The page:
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Glycobiology. 2014 Feb;24(2):108-24. doi: 10.1093/glycob/cwt101. Epub 2013 Nov 18.

Structure-function relationships of membrane-associated GT-B glycosyltransferases.

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Unidad de Biofísica, Centro Mixto Consejo Superior de Investigaciones Científicas - Universidad del País Vasco/Euskal Herriko Unibertsitatea (CSIC, UPV/EHU), Barrio Sarriena s/n, Leioa, Bizkaia 48940, Spain.


Membrane-associated GT-B glycosyltransferases (GTs) comprise a large family of enzymes that catalyze the transfer of a sugar moiety from nucleotide-sugar donors to a wide range of membrane-associated acceptor substrates, mostly in the form of lipids and proteins. As a consequence, they generate a significant and diverse amount of glycoconjugates in biological membranes, which are particularly important in cell-cell, cell-matrix and host-pathogen recognition events. Membrane-associated GT-B enzymes display two "Rossmann-fold" domains separated by a deep cleft that includes the catalytic center. They associate permanently or temporarily to the phospholipid bilayer by a combination of hydrophobic and electrostatic interactions. They have the remarkable property to access both hydrophobic and hydrophilic substrates that reside within chemically distinct environments catalyzing their enzymatic transformations in an efficient manner. Here, we discuss the considerable progress that has been made in recent years in understanding the molecular mechanism that governs substrate and membrane recognition, and the impact of the conformational transitions undergone by these GTs during the catalytic cycle.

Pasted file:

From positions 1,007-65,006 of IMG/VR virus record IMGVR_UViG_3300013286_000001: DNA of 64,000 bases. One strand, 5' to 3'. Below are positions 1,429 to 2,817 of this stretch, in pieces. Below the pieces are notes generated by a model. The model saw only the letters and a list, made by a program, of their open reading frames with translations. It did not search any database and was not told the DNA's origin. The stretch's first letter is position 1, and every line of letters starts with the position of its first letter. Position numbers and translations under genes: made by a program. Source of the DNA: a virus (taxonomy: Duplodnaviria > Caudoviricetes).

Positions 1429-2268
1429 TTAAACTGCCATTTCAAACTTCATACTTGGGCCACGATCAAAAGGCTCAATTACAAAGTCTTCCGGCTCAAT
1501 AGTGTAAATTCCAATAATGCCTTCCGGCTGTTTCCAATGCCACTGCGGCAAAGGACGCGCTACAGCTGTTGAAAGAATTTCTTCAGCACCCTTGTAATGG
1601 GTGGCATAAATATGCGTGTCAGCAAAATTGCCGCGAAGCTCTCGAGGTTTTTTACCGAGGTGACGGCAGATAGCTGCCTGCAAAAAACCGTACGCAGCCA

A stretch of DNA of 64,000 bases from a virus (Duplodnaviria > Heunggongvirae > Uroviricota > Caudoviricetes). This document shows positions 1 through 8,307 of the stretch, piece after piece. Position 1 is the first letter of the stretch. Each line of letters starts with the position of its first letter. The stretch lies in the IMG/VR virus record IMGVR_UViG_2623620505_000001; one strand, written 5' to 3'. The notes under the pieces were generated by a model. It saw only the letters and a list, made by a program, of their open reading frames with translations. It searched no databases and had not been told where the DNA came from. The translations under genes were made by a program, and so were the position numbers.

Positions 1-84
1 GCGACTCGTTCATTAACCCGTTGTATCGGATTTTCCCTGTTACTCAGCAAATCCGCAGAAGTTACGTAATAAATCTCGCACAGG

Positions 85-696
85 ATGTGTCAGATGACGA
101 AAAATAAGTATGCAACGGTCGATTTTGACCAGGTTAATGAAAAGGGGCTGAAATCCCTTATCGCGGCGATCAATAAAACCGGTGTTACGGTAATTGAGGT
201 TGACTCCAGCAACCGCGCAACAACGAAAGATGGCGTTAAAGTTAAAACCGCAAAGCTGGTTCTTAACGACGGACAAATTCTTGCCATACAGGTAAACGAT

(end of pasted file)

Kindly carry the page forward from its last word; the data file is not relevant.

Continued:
X-ray crystallography; carbohydrate-modifying enzyme; glycosyltransferase; membrane protein; structural biology

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